Jockeys are independent contractors.
Performing their athletic craft at high speed, exposed to the elements and with few “safety nets.”
“We wear helmets and vests. Outside of that, we risk everything to participate in this sport and it’s been my life for over 32 years,” says journeyman Aaron Gryder, a winner of nearly 4,000 races from over 30,000 races. His mounts have accrued earnings of more than $122 million in that time, including a win in the world’s richest horse race in 2009 – the Dubai World Cup.
But as any industry participant knows, the spoils of success can easily alternate with extraordinary lows.
Following the Del Mar meeting, Gryder anticipates riding at Kentucky Downs and making a stop at the University of Kentucky’s Sports Medicine Research Institute (SMRI), adding his own valuable data from a career in the saddle to the SMRI’s Jockey & Equestrian Initiative (JEI).
“I saw news about the work they are doing here and thought – the next time I’m in Kentucky, I want to be a part of that.”
The SMRI outlined research objectives for the JEI:
1. Establish physical fitness, injury and risk assessment profiles of jockeys and exercise riders.
2. Identify factors related to concussions and loss of self-identity in professional equestrian sport.
3. Describe the jockey profession using data on performance, risk, injury and recovery rates.
4. Improve the treatment and management of concussion injuries.
5. Investigate the role of depression, apathy, executive dysfunction and cognitive impairment of jockeys.
6. Integrate available research to create individualized training programs.
Sophie Doyle, who enjoyed a career-high 83 riding wins in 2018, spent a morning at the SMRI’s state-of-the-art facility on the Lexington campus to participate in physical and cognitive assessments to gain a better understanding of her performance capabilities.
“Every jockey should take advantage of what I experienced at the SMRI. With the various tests and exercises, all of which they are tracking, I was able to push my body to the limit and see how it was able to handle the pressure. Whether it is establishing a baseline of performance to understand where you are today, or if you are recovering from an injury and want to be able to test how you are recovering, the data they collect will provide insight which we have never had riding in America.”
Picture: UK SMRI
Doyle (pictured above, seated), who began riding in her native England, suggested the technology offered to jockeys at UK surpasses that which she experienced earlier in her career.
“I know they have been collecting concussion baseline testing back home for more than a decade, but it’s varies more in the U.S. The SMRI has some marvelous pieces of equipment to establish those baselines and test us which were far better than anything I remember using at home.
“Any athlete always wants to improve themselves, getting the most out of your body, riding at your highest potential. To have a system like this at the SMRI – it’s exactly what we need.”
“There is a great team behind every horse, but once I get a leg up, it’s just me and my mount,” adds Gryder. “We are all individual competitors, and being so independent and always moving around, jockeys have not enjoyed the benefit of the advances in sports science that you know professional sport franchises are able to provide their athletes to understand and advance performance. We would be crazy not to take a few hours and participate.”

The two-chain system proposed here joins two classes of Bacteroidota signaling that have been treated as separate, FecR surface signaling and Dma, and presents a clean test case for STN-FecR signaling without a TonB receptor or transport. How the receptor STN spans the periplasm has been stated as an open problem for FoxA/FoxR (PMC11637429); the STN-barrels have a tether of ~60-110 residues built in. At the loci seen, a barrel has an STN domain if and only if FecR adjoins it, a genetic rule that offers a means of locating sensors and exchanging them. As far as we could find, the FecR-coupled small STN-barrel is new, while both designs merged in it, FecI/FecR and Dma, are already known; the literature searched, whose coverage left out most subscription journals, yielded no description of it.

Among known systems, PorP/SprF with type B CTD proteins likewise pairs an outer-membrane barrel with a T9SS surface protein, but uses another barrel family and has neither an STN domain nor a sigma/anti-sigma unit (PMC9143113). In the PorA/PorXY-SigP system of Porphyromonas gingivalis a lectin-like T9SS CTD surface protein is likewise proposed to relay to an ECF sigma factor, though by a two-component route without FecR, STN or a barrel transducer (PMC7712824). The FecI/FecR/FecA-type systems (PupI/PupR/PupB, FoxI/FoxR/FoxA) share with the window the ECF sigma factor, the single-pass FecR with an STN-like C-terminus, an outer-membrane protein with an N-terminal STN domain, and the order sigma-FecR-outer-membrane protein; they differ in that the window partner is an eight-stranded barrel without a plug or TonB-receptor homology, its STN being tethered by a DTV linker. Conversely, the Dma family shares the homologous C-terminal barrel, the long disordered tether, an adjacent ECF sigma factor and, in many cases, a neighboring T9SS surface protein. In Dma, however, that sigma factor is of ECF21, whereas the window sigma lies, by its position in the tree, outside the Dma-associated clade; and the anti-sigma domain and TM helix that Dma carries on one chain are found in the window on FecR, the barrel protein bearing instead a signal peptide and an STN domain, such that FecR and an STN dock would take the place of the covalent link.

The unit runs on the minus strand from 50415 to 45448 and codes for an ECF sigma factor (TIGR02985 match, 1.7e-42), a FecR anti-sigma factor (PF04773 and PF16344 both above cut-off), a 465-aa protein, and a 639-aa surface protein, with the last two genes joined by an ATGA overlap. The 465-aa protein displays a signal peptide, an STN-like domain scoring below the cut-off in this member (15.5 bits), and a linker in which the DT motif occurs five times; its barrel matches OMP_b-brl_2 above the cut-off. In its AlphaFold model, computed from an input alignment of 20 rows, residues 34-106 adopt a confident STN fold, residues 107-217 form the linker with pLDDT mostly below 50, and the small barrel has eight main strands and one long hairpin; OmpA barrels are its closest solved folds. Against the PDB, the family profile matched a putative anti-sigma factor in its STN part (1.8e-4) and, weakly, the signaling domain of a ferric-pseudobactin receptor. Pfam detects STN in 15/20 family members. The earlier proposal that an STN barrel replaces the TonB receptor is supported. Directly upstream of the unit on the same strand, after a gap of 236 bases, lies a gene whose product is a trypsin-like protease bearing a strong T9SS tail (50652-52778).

Scott Lephart, Dean of the UK’s College of Health Sciences and founder of the SMRI, has assembled a robust team of experts working on both the JEI and three other key focus areas.
“Our goal is to become a world leader in optimizing the health, wellness and performance of jockeys and equestrian athletes. There’s no better place to do that then right here in Kentucky.”
Lephart came to Kentucky following 27 years at the University of Pittsburgh where he served as chair of the Department of Sports Medicine and Nutrition and was the founding director of school’s Neuromuscular Research Laboratory.
“Our testing capabilities include equipment to perform body composition, strength, flexibility, balance and stability, neuromuscular, biomechanical, and metabolic testing, as well as use of an MK racing simulator – the only one of its kind in the country.
“The JEI also seeks to improve the treatment and management of concussion injuries. When it comes to the management of concussion injuries, equestrian sport, specifically for jockeys, is far behind others. Standardized concussion management protocols have been adopted in nearly all sport settings and include cognitive and physical rest, graduated activity, and clinician-monitored return to play.
“The JEI will provide experiential studies to provide the best evidence for the evaluation, rehabilitation and recovery following equestrian concussions, while also exploring the effects of such injuries and concussions on recovery and post-injury performance.”
The long-term impact of the SMRI’s JEI stretches beyond the individual performance of jockeys.
“The benefits of this initiative will reach across the entire industry” said Terry Meyocks, President and Chief Executive Officer of the Jockeys’ Guild. “Very simply, this is a sustainability issue. The work here will directly benefit jockeys and exercise riders, and can help tracks and horsemen in reducing liabilities and the cost of workers’ compensation policies. ”
The SMRI JEI is a recipient of donations directed by winners of the TIF Summer Prop Contest. For more information on the SMRI and JEI, visit their website.